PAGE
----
The award for damages to Mrs. Self and the two children must also include their loss of household services that Mr. Self would have performed. This loss is computed from the time of the accident through decedent's projected life expectancy by estimating the time spent and the value of those services. In addition, the calculation of damages includes a determination of loss of estate or net estate accumulation. On the other side, the court further adjusts the award to reflect the fact that Mr. Self would consume certain funds to maintain his own personal needs. In determining this amount, the court assumes Self consumed 32% of the family income from 1975 to 1985; 27% from 1985 until 1993 and 34% from 1993 through decedent's life expectancy. This percentage changed due to the ages of the children; that is, after the last child left home, presumably at age 21, Mr. Self would consume more personally.

Therefore, the loss sustained by Mrs. Self and her two children includes: lost of income support, loss of fringe benefits, loss of estate and loss of household services. Consequently, the court concludes that the present day value of the pecuniary loss suffered by Mrs. Self is $414,396.00. Each of the two children would receive support *1439 until age 21; thus, the present day value of the pecuniary loss suffered by Deana Self is $68,819.00 and $78,139.00 for Danny Self, Jr.

The above figures are reached from evaluation of the testimony of the two economists who testified at trial.

Apart from the pecuniary loss the court concludes that the decedent's wife and children suffered certain nonpecuniary losses. That is, the loss of society, love, affection, companionship, guidance and counsel. The court determines this loss to be $70,000.00 to Mrs. Self, $15,000.00 to Deana Self and $15,000.00 to Danny Self, Jr.


Finally, the court must determine the apportionment of fault between the two parties responsible for the collision. United States v. Reliable Transfer Co., 421 U.S. 397, 95 S. Ct. 1708, 44 L. Ed. 2d 251 (1975); Loose v. Offshore Navigation, Inc., 670 F.2d 493 (5th Cir.1982). The court concludes that 70% of the fault is apportioned to Chevron and 30% of the fault is apportioned to Great Lakes.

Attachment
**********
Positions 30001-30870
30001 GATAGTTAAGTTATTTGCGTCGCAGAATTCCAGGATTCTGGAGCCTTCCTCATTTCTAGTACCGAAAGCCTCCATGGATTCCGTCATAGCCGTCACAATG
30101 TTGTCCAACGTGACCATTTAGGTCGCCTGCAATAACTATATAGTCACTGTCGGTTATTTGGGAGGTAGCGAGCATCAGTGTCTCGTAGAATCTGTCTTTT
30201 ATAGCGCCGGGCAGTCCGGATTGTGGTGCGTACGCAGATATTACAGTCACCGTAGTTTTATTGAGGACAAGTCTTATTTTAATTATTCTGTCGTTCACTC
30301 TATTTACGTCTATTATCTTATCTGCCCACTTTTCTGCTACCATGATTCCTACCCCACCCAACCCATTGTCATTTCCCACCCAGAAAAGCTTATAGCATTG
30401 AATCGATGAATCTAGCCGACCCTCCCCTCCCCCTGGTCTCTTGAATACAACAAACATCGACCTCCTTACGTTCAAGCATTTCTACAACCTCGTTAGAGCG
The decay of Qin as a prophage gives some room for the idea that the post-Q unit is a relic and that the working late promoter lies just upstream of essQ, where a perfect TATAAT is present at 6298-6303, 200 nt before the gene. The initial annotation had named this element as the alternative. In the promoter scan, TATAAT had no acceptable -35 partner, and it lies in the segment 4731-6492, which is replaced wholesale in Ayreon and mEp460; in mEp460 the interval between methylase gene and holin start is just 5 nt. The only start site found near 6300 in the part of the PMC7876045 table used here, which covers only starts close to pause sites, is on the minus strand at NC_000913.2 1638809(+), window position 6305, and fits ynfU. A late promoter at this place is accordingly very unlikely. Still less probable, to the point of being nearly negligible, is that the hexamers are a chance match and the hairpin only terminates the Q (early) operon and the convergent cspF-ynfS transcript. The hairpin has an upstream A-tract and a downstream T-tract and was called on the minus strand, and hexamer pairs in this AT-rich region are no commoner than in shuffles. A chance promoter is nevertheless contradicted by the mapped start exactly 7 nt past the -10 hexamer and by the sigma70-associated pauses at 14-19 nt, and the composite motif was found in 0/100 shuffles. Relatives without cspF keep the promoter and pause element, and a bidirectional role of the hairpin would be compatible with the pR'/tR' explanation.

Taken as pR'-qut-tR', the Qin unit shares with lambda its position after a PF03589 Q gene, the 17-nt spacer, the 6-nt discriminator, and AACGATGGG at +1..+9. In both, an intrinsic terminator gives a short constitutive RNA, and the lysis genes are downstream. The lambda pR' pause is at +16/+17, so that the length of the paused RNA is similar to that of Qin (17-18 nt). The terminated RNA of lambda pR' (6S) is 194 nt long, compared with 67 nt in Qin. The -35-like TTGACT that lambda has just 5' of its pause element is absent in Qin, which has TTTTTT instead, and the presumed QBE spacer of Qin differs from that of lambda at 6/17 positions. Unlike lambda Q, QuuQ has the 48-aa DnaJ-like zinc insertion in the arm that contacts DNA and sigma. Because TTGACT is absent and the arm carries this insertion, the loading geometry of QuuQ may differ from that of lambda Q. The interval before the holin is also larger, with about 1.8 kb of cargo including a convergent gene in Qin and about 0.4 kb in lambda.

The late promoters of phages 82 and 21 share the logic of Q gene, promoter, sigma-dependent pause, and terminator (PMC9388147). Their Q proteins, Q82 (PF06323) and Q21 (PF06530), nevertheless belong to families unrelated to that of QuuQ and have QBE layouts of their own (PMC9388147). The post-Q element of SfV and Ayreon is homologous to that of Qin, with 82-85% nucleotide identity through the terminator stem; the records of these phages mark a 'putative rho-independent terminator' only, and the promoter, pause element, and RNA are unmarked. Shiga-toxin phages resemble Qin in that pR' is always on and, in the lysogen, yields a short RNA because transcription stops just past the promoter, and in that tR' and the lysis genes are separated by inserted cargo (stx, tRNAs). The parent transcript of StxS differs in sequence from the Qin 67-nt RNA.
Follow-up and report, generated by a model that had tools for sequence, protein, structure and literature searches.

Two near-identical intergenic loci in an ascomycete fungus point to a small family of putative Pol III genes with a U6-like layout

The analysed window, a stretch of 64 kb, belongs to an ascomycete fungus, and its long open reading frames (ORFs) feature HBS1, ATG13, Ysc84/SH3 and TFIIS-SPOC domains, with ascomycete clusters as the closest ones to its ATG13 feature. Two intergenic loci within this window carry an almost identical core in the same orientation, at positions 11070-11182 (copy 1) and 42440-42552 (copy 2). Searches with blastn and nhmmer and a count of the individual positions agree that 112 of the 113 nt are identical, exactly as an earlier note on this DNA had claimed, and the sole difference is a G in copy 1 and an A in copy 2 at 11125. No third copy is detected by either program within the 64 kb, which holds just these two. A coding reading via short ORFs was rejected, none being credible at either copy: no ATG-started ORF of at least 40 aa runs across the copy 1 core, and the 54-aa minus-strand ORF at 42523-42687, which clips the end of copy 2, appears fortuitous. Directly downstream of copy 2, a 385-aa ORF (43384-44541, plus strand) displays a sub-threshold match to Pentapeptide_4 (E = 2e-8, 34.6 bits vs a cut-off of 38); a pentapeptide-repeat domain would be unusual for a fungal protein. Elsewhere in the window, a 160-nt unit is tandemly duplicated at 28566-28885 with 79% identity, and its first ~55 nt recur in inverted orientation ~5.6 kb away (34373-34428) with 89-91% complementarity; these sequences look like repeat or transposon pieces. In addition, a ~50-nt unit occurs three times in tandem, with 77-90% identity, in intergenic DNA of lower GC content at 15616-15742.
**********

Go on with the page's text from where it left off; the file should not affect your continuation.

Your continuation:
As the apportionment of fault illustrates, this case involved joint tort feasors, namely, Great Lakes and Chevron. Since Chevron has settled with the Selfs in this case the question of the amount of plaintiff's recovery arises. The court is of the opinion that the present case is governed by the principles set forth in Leger v. Drilling Well Control, Inc., 592 F.2d 1246 (5th Cir.1979). See Gormly v. Van Ingen, 736 F.2d 624 (11th Cir.1983) (per curiam affirmance applying Leger).[3]

In Leger an employee was injured while working aboard a barge. He sued three separate defendants but settled with two of the defendants prior to trial. At trial the jury apportioned fault among the defendants and found contributory negligence by the plaintiff. The Fifth Circuit affirmed the trial court's rendering judgment against the nonsettling defendant to pay only the portion of the total damages proportionate to his percentage of negligence. In reaching this opinion Judge Fay stated: "Whether the plaintiff obtains a favorable or unfavorable settlement, he may only recover once for each wrongdoer's percentage of fault." Id. at 1250. He further stated that "[i]f a party decides to try a case, it must be prepared to accept whatever benefits or burdens flow from its decision." Id. at 1251.

In the present case the court has assessed the plaintiff's total damages at $661,354.00. Since the plaintiff has settled with and released Chevron but has a viable claim against Great Lakes, then the plaintiff is entitled to recover that portion of the total damages proportionate to Great Lakes' percentage of fault or $198,406.20. [30% of $661,354.00].


[1] The master and all licensed officers on the Robert Watt Miller were Italians and the unlicensed crew were all Indians. Although there was some language barriers between the officers and crew they were sufficiently versed in English as related to nautical and navigational terminology that communications presented no difficulties. The Court is convinced that the crew performed as ordered and that there were no miscommunications between the officers and crew which could have been a contributing cause to this casualty.

[2] The court is aware of those cases which require the master to take charge of the vessel only when the pilot is incompetent or incapacitated. See, e.g., Union Co. v. United States, 127 F.2d 771 (5th Cir.1942); Charente Co. v. United States, 12 F.2d 412 (5th Cir.1926); City of Canton [Jure v. United Fruit Co.] 6 F.2d 6 (5th Cir.1925). However, the present case does not reach that issue, but instead focuses on the requirement of The China that the master must be personally free from negligence.

[3] In Ebanks v. Great Lakes Dredge & Dock Co., 688 F.2d 716 (11th Cir.1982), the court held that Leger was inapplicable "because the settling party, Chevron, was not a member of this suit." However, it seems that the converse of that statement would be true here since Chevron was represented at the second trial.